In addition to her music, Evans is an accomplished author of three books with co-writer Rachel Hauck and writes a lifestyle blog, “A Real Fine Place,” with her sister-in-law Kaelin “K.K” Evans where they share their passion for fashion, beauty, travel and food. She was the first country artist to compete on ABC’s popular “Dancing with the Stars” and she’s been named one of People magazine’s “50 Most Beautiful People.” A tireless philanthropist, Evans is involved in several charitable endeavors and has been awarded the Crystal Cross by the American Red Cross. Last year she and Barker launched Rock the South. The festival attracted 50,000 country music fans and raised money for the Children’s Hospital of Birmingham and Alabama Forever, a charity formed to help rebuild the areas in Alabama that were struck by devastating tornados.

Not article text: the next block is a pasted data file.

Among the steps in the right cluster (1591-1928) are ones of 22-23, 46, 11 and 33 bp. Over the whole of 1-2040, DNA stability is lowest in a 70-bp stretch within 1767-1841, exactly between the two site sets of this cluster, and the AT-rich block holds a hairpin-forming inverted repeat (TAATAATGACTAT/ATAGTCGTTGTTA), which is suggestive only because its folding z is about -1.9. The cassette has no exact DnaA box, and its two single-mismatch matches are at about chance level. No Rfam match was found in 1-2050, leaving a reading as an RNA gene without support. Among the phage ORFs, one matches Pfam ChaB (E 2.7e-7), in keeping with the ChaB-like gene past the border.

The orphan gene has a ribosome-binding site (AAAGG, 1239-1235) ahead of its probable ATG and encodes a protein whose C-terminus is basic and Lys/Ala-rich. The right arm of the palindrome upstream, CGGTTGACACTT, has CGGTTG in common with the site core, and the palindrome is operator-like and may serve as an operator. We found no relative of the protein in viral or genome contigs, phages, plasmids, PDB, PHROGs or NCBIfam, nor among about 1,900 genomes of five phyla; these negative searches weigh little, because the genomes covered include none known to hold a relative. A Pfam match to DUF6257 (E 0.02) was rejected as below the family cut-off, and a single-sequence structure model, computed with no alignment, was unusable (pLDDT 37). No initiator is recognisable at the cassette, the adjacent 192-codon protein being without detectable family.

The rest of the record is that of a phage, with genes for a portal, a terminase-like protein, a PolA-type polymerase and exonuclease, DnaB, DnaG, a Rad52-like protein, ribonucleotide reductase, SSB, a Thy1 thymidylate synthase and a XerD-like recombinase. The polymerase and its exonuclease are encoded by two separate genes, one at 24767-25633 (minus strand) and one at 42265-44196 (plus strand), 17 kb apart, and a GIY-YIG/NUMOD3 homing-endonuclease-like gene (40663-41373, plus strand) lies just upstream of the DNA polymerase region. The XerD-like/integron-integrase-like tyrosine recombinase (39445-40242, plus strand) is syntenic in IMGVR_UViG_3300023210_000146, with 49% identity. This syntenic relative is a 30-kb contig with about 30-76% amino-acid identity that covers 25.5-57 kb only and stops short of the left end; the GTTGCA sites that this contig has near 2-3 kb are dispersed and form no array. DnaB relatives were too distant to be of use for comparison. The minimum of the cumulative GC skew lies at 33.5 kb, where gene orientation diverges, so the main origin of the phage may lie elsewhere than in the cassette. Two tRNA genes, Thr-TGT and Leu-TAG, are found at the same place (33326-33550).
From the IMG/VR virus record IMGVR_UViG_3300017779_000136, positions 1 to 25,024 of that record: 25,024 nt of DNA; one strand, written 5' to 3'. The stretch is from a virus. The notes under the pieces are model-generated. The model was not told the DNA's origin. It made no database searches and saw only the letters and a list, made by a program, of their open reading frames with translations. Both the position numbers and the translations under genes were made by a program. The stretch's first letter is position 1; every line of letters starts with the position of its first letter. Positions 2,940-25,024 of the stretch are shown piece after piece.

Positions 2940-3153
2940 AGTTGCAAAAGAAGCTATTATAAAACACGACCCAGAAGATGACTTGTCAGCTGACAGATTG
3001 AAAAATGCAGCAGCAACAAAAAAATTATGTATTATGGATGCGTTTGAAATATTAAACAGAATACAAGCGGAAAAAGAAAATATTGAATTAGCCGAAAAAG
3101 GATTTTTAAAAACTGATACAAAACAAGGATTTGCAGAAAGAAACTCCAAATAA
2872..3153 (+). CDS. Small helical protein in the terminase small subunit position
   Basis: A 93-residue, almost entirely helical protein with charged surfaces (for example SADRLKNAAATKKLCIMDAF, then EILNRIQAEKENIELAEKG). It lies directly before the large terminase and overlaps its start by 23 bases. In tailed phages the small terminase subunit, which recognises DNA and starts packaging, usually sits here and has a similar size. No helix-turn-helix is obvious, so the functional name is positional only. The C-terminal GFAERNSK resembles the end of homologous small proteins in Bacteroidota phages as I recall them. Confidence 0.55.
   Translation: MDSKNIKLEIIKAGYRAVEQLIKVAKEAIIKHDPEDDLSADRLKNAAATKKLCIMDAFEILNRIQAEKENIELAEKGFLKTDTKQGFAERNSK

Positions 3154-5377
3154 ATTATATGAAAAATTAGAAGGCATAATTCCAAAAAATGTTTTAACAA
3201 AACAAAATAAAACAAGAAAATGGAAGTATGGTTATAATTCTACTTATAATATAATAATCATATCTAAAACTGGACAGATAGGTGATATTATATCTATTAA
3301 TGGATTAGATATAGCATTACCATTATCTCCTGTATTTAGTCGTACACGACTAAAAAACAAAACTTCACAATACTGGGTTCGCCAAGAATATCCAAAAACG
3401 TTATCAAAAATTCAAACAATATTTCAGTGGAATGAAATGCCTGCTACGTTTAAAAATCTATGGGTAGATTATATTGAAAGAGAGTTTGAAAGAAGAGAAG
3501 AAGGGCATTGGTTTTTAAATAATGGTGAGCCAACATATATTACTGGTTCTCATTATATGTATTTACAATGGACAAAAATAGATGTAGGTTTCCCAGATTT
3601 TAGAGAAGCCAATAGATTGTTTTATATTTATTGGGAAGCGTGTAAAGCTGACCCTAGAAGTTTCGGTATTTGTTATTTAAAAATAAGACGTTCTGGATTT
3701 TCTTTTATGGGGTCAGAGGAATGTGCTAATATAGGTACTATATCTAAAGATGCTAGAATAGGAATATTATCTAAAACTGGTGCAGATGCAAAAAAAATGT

I KNEW THAT WHEN I STARTED TO MAKE THIS RECORD THAT I WANTED TO GO FURTHER THAN I HAD EVER GONE BEFORE WITH MY MUSIC
Though her new album is titled Slow Me Down its obvious Sara Evans isn’t even taking her foot off the gas these days. “I knew that when I started to make this record that I wanted to go further than I had ever gone before with my music,” she says. “Vocally I wanted to challenge myself. I’m super happy with the outcome.”
He’s a new voice for every man. Actually, make him an honest new voice for every man. That would be country-rock singer, songwriter and guitarist Logan Mize.
Just listen to his current single “Can’t Get Away from a Good Time,” It’s no wonder the song is burning up the charts on SiriusXM’s The Highway. You can catch the video on his website, loganmize.com.
The anticipation is building, particularly since Mize spent a good part of 2013 behind the camera in a couple of high profile turns on the small screen. The Kansas native serendipitously found himself guest starring in two nationally watched TV appearances that undoubtedly introduced him to new audiences.